“Dancing with the Stars” is the greatest dance porn since “Dirty Dancing.”



It’s a new season on Dancing With The Stars, which means I am once again obsessing over Cheryl Burke, Valentin Chmerkovsky, Mark Ballas and Karina Smirnoff. I’m watching fierce dance routines and booing the judges as if ballroom dance was a football game. The “stars” don’t matter to me (how many “reality stars” are there on TV?). I love the Pros, the dancers who train, teach, choreograph, plot and scheme their way to the mirror ball. Why do I love this world of spray tan, fake eyelashes and glitter so much? Because Dancing With The Stars is the greatest dance porn since Dirty Dancing, and I love dance porn.

I admit I’m a little embarrassed by my obsession. I’m an intellectual feminist with a Master’s Degree and a publishing company. But here I am, every tuesday morning (I don’t have cable, so I have to watch it online,) applauding Emma Slater’s creative choreography. In the middle of the night, I’m scouring Twitter for #DWTS comments. I become frustrated that I can’t vote because I’m watching it the day after, and I know exactly how it feels to have to TiVO a basketball game because you couldn’t watch it live, and then have someone tell you who won.

Dancing with the Stars is my escape from the chaotic, stressful, overly-serious world I live in. It feeds my inner child who longs to be a ballerina. When I was little, I was obsessed with ballet and longed to be a dancer more than anything in the world, but we lived in Lake County, California, far away from any dance classes. So I practiced plies’ in my room while studying a book on basic ballet positions, eventually screwing up my knees. The love of dance never left me and I was finally able to take my first class in college at the age of 19. I danced in a troupe for five years and loved every minute of it, even choreographing three productions. Later, I choreographed two shows for children. Yet again, I live in a town with limited dance opportunities, and being a mom keeps me home. I channel my longing to dance into my writing and publishing, but the desire has never left. I’m too old to be a ballerina, but I know I would be awesome at Tango. All I need is a teacher.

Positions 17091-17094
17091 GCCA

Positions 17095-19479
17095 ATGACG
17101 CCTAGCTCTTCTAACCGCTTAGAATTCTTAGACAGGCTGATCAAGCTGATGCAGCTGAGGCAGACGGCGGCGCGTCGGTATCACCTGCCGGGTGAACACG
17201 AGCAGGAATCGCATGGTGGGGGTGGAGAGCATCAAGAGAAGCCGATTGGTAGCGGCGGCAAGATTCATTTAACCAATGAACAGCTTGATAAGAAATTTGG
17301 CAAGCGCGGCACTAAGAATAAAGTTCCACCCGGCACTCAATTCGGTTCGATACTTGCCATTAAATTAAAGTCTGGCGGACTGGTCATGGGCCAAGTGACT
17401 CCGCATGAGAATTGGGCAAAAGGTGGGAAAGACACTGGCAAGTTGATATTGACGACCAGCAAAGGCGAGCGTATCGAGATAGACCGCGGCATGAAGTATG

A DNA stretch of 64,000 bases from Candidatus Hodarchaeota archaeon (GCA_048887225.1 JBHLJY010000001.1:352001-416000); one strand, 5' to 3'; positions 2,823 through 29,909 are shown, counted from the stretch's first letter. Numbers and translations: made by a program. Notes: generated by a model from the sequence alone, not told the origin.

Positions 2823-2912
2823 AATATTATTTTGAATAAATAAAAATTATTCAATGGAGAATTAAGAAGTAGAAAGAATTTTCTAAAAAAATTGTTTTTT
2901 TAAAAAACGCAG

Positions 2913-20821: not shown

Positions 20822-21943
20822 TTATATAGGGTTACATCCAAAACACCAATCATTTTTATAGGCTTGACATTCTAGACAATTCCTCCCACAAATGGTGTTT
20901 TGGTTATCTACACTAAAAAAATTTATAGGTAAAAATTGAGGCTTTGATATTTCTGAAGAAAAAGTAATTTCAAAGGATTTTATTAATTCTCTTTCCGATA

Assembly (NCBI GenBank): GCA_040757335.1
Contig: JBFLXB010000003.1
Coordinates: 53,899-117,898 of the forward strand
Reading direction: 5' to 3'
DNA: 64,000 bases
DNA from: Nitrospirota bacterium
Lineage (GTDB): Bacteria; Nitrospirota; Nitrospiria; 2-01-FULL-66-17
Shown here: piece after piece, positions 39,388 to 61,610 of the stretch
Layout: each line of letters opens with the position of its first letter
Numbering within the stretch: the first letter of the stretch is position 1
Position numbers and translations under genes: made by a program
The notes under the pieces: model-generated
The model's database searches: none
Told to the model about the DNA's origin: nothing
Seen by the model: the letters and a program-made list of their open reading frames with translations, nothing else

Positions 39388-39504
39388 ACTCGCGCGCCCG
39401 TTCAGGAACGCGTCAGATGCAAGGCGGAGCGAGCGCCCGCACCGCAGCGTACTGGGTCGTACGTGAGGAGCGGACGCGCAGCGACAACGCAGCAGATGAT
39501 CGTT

Every day at 4:30, I dance to electronic music on Pandora. Dancing is how I de-stress. At the end of my work day, right before I switch into my mommy day, I shake my ass as fast as I can in my kitchen. My daughter thinks I’m crazy, but sometimes she’ll join in. Occasionally, a Tango rhythm will come on and I’ll pretend that I’m dancing with Maksim Chmerkovsky (and that man can dance a tango!).

We forget to play when we grow up, and before we know it the burdens of life drag us down like quicksand. It seems we only remember to be silly when we’re on vacation, or drunk. Why not do something ridiculous every day, like Tweeting about #DWTS or dancing for 30 minutes in your kitchen? Ridiculous is good for you. Silly lightens the load. Just ask any 10 year old practicing ballet moves all alone in her room. What is better than dance to make you feel alive?

What is true in the American news?